On the other hand, Shar Peis have a personality that’s more like a cat’s. They are independent and aloof; however, they can also have a strong bond with their pet parents. The dogs can sometimes be aggressive toward strangers. They’re also not easy to train and can be a bit lazy.

As you can see, the personality of the Rott Pei can cover a wide range of temperaments. The dog’s personality depends on his parents’ temperaments and his upbringing.

Are Rott Peis Good for Families?

The answer depends. Some of these hybrid dogs get along well with kids, while others are not tolerant at all. But our research shows these dogs are best for families that don’t have kids.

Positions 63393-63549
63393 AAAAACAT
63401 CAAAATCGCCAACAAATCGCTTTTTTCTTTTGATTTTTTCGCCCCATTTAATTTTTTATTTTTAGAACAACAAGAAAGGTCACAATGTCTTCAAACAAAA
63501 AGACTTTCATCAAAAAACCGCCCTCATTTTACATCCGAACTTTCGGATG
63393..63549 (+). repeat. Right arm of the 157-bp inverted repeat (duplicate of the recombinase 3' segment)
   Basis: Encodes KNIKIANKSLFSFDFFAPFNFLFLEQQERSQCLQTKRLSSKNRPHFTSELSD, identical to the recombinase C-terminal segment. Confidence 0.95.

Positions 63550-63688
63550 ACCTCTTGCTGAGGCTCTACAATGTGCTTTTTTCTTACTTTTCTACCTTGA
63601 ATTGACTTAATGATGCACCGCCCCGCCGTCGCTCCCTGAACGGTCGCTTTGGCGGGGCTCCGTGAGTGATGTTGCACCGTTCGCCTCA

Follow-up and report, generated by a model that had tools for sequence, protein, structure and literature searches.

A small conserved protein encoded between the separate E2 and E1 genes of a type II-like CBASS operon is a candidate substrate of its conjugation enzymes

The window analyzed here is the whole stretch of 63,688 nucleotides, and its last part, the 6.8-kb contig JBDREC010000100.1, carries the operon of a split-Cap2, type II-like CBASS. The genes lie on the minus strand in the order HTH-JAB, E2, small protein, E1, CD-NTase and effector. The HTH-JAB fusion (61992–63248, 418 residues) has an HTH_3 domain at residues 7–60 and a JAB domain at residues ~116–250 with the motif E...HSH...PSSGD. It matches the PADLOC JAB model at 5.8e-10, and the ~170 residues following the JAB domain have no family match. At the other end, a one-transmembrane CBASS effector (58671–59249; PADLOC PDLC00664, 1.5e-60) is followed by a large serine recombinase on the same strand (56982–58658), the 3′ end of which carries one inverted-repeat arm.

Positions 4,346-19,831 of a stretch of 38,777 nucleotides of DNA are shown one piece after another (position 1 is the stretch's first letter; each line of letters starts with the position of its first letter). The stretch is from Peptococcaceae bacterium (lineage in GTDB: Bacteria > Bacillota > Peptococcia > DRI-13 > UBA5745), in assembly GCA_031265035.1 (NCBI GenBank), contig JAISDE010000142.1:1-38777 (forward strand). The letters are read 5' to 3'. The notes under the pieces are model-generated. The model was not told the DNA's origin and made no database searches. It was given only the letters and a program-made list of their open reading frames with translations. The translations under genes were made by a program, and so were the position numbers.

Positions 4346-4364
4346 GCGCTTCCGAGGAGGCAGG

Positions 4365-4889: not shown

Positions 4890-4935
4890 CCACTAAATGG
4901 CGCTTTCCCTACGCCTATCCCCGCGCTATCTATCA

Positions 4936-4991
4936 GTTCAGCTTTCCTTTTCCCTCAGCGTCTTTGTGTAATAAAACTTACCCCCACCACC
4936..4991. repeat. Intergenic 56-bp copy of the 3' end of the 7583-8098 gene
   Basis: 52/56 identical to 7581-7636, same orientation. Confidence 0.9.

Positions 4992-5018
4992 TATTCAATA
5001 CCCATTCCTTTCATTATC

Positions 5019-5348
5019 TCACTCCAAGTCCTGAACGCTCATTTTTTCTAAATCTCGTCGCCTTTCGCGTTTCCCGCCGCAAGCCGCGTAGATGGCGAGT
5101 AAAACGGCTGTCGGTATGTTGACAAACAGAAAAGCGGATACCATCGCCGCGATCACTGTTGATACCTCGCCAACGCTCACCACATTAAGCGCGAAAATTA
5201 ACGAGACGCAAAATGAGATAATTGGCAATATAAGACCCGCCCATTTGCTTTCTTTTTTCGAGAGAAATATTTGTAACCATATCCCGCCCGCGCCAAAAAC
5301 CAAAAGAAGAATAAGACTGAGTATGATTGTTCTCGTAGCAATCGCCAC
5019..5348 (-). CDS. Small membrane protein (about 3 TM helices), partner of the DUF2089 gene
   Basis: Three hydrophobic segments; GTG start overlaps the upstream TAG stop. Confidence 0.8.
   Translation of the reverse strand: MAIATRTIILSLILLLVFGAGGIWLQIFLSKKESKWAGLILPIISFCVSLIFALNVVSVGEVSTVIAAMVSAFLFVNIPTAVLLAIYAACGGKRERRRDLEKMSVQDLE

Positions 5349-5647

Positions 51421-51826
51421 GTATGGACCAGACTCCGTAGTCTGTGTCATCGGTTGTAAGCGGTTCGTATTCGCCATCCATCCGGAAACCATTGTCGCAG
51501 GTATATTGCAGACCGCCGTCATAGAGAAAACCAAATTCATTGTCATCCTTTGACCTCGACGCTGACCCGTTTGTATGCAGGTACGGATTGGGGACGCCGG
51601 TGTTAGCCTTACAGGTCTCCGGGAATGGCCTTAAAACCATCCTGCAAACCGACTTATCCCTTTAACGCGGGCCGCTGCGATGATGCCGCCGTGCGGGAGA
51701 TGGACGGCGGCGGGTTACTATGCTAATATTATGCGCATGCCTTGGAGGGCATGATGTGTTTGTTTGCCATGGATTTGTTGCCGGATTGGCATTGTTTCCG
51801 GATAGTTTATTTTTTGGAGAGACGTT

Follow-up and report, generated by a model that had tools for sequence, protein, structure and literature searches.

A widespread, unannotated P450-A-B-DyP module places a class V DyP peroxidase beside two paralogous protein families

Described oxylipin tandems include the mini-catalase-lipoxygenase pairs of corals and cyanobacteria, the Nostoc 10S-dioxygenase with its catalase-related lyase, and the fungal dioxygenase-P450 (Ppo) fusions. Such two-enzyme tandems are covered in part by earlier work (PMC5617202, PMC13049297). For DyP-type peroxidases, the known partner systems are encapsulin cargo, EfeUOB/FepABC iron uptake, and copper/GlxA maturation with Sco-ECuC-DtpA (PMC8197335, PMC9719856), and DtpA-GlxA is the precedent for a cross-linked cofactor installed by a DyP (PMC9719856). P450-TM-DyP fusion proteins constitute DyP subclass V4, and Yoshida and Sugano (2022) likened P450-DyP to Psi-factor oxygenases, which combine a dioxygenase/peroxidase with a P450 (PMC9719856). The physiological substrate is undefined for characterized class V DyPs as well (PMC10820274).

However, if you have older kids who know how to properly treat the dog, then Rott Pei may be OK. However, never leave the dog unattended, even with older kids. The same applies to all dog breeds.

Do Rott Peis Get Along with Other Pets?

When raised with other dogs, Rott Peis can get along with them quite well. However, most of these hybrid dogs are wary and aggressive to dogs they don’t know. They’re really best for homes that don’t have other dogs.

Some Rott Peis may be able to get along with cats and other small pets; however, others may try to chase them. It just depends on each individual dog’s temperament. If raised with cats and small pets, though, the Rott Pei can get along with them very well.

Food Requirements

Rott Peis require a dog food that’s right for medium-large dogs that have a lot of energy. The dogs require about 3-4 cups of dry kibble a day, divided between two meals.

Exercise Requirements